Category: Code Development
Author/Contact Info David Nesting
Description: It came up in Nice style for interesting error messages that it might be useful to have a way to return a simple false value while still providing information about why it was false. Along those lines, I wrote this little module that "falsifies" a string, in that boolean tests will always come up false, even though the string can be used like any other. I don't think I really want to recommend this as a real solution to anyone's problem, since it does muck with the true/false semantics of scalars, in that a non-empty string is usually "true", so it may screw with the heads of people trying to use and maintain your code. But hey, I thought it was amusing. Any changes made to the string automatically remove this special property, and only strings may be used. If anyone has any ideas for trivial changes that would allow this to work with just about any type of scalar data, that might be useful, but for the purposes I had in mind this was sufficient in my head.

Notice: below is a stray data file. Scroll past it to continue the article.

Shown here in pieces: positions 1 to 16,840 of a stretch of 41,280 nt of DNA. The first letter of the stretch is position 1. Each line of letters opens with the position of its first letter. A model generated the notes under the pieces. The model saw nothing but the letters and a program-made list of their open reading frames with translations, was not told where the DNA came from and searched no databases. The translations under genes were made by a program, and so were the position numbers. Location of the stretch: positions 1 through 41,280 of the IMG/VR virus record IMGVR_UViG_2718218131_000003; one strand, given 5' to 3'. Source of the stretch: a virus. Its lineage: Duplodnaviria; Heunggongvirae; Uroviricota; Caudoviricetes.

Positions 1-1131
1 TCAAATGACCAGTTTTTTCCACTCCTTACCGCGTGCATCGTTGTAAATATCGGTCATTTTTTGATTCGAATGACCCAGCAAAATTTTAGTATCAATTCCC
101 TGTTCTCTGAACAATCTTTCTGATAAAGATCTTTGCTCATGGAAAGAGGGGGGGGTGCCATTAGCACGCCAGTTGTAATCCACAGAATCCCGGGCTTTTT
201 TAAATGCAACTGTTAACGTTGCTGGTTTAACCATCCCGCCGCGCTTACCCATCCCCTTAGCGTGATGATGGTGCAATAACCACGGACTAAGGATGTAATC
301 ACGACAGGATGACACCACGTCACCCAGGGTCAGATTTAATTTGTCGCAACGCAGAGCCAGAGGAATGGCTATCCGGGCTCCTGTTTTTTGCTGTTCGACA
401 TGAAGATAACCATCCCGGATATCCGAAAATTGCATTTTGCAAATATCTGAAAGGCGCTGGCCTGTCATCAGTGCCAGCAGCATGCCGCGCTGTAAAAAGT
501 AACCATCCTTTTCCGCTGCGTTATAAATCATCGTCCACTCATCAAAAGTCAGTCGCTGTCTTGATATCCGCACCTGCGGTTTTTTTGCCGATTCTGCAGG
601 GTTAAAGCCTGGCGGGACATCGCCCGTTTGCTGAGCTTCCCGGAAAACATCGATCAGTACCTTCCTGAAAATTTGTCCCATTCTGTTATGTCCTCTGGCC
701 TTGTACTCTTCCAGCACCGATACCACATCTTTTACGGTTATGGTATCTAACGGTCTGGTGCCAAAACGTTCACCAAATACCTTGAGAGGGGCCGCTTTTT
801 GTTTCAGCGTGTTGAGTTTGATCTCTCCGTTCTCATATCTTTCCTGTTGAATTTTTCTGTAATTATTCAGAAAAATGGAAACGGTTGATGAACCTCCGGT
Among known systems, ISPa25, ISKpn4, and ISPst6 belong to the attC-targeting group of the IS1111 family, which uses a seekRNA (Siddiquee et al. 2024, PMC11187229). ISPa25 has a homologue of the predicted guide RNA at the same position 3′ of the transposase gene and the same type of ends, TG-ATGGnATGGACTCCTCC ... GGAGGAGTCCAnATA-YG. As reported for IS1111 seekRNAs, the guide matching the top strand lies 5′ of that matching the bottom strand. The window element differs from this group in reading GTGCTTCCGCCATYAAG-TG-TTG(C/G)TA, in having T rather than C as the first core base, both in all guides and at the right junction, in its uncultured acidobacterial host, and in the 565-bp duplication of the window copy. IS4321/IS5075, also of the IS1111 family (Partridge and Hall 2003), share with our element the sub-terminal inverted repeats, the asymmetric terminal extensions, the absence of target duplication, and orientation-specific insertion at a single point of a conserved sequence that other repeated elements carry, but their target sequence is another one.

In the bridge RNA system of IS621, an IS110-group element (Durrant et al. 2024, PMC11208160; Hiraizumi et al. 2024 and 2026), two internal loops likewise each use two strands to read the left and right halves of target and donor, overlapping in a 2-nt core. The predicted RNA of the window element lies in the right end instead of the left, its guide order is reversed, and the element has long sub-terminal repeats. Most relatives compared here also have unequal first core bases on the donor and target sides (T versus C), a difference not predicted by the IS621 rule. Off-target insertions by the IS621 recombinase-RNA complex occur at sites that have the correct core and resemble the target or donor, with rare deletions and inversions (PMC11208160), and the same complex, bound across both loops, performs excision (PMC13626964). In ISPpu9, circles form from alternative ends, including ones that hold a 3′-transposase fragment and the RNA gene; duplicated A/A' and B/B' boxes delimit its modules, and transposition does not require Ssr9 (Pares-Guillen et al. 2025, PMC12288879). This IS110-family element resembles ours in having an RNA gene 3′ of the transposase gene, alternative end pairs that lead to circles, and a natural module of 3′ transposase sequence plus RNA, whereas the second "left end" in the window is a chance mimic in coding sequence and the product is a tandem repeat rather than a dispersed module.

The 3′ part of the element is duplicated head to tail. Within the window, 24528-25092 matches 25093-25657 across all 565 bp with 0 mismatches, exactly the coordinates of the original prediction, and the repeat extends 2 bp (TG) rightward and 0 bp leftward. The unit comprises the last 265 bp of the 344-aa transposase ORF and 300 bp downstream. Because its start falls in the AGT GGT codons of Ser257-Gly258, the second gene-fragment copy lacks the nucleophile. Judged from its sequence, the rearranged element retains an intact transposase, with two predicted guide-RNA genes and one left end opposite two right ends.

To use it:

use falsify; sub might_fail { return int(rand(2)) ? "All OK!" : falsify "Ruh-roh!"; } for (1..10) { my $returned = might_fail; print $returned ? "YES! $returned" : "No! $returned", "\n"; } my $false = falsify "Hello, world!"; # etc.
package falsify;

use strict;
use overload
        'bool'     => sub { 0 },
        '""'       => sub { ${$_[0]} },
        'fallback' => 1;

sub import {
        my $caller = caller;
        no strict 'refs';

        *{$caller."::falsify"} = \&falsify;

sub falsify {
        my $string = "".shift;  # force it to be a string
        my $self = \$string;
        bless($self, __PACKAGE__);